The Optimistic Gardener

P.S. Don’t forget to check out my recommended reading on the menu at the top of the page.

Autumn anticipation

It’s cold outside. There’s a deceptive pale blue sky and the sun is flaming the rowan tree like a scarlet, burning torch, but the temperature is in single figures and there’s a shivering wind from the north-west. I’ve been out in the garden planting tulip bulbs in pots – 50 or 60 bulbs, good compost, a bit of grit. They will make a great show in spring.

I love a blowsy tulip – the frilled doubles, the parrot, the splashed bi-colours. Not for me the neat little uprights with their tight buds, prim and tidy. I grow them to pick and bring indoors – great vases full of those open cups, yellow and brown powdering stamens, stems bending and turning, my real version of a Dutch still life!

I always plant fresh bulbs in late autumn, and this year I saved last year’s bulbs for the first time. I’m going to put them randomly into the front of the border and see if they do anything. Nothing ventured, nothing gained! But not today, too cold.

But back to the pots. I was accompanied by a robin, never more than two or three feet away, hopping about, head on one side, watching me with a liquid brown eye. Waiting for worms, I suppose, not realising that pots and compost bring no wriggling lunch. I hope we shall be friends through the winter. Such a fearless little thing.

The wind has brought more leaves off the whitebeam, so another raking session and additions to the leaf mould pile created a bit of warmth before going in for tea and spiced honey cake, made yesterday.

The Optimistic Gardener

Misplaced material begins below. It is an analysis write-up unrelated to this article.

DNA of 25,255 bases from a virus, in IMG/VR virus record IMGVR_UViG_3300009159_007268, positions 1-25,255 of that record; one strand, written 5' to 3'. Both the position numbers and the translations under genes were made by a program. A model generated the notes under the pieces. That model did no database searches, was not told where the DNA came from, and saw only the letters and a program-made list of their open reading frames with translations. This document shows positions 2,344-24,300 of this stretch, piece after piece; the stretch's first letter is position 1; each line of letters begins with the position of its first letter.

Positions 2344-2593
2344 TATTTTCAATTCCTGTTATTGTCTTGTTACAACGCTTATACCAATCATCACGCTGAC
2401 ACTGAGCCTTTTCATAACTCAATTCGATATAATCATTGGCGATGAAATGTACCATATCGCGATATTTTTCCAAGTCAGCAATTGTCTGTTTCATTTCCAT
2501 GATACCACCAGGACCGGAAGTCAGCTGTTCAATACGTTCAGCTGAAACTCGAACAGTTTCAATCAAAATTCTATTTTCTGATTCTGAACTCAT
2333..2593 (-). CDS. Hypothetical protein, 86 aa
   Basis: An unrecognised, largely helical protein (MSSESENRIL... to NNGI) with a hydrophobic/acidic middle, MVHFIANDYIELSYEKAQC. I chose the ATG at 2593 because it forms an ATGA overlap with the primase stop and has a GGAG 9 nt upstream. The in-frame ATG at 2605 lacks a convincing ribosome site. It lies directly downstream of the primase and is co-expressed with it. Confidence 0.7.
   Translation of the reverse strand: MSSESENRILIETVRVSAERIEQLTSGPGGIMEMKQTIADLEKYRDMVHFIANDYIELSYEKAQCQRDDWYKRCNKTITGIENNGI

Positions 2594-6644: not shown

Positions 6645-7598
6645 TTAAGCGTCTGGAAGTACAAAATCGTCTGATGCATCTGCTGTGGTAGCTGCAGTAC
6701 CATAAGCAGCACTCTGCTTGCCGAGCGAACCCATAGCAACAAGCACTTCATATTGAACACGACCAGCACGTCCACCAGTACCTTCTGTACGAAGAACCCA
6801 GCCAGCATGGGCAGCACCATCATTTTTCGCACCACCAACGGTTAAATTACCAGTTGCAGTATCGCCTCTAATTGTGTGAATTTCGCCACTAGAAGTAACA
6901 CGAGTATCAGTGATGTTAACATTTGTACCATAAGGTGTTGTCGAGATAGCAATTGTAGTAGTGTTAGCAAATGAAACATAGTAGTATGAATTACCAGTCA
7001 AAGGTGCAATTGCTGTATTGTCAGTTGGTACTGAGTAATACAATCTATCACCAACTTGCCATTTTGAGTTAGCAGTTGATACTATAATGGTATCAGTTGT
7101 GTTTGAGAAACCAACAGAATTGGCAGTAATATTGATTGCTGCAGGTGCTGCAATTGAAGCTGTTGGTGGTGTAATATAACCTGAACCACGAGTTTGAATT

P.S. I have added a page to this blog called ‘I’m reading…’ (see the contents line above). It tells you just that – what I’m reading at the moment. I hope it gives you some ideas.

Autumn leaves

Another lovely day here. Foggy this morning and the foghorn on the estuary was hooting away. It’s a strangely comforting sound – low pitched and regular. Blue sky soon prevailed though and the temperature got up to about 18 degrees. It seems weird to have such temperatures as we head into November. Not that I’m complaining! There’s so much to do in the garden I’m glad of any extension of good gardening weather.

We have a five year old whitebeam tree in the east end of the garden. I am in two minds whether to keep it or not. It’s behind the garage and very close to where I’m planning to have a shed. I also feel as though I’m wasting space having a tree that isn’t productive i.e. fruiting, in such a small garden. In the meantime, it’s productive in one way – lots of fallen leaves for leaf mould!

I made a container for the leaves – just four canes and some netting and collect as many leaves ( not evergreen) as possible. Keep them damp and covered and (eventually) they’ll rot down into lovely crumbly leaf mould that I can use for mulch or to mix with compost. If you don’t have enough leaves to bother with a container, you can squash them into a bin bag, moisten them a bit, and seal them in. Poke a few holes in the bag and wait. Everything I read about making leaf mould says it takes forever. I’m going to have to work on my patience!img_0051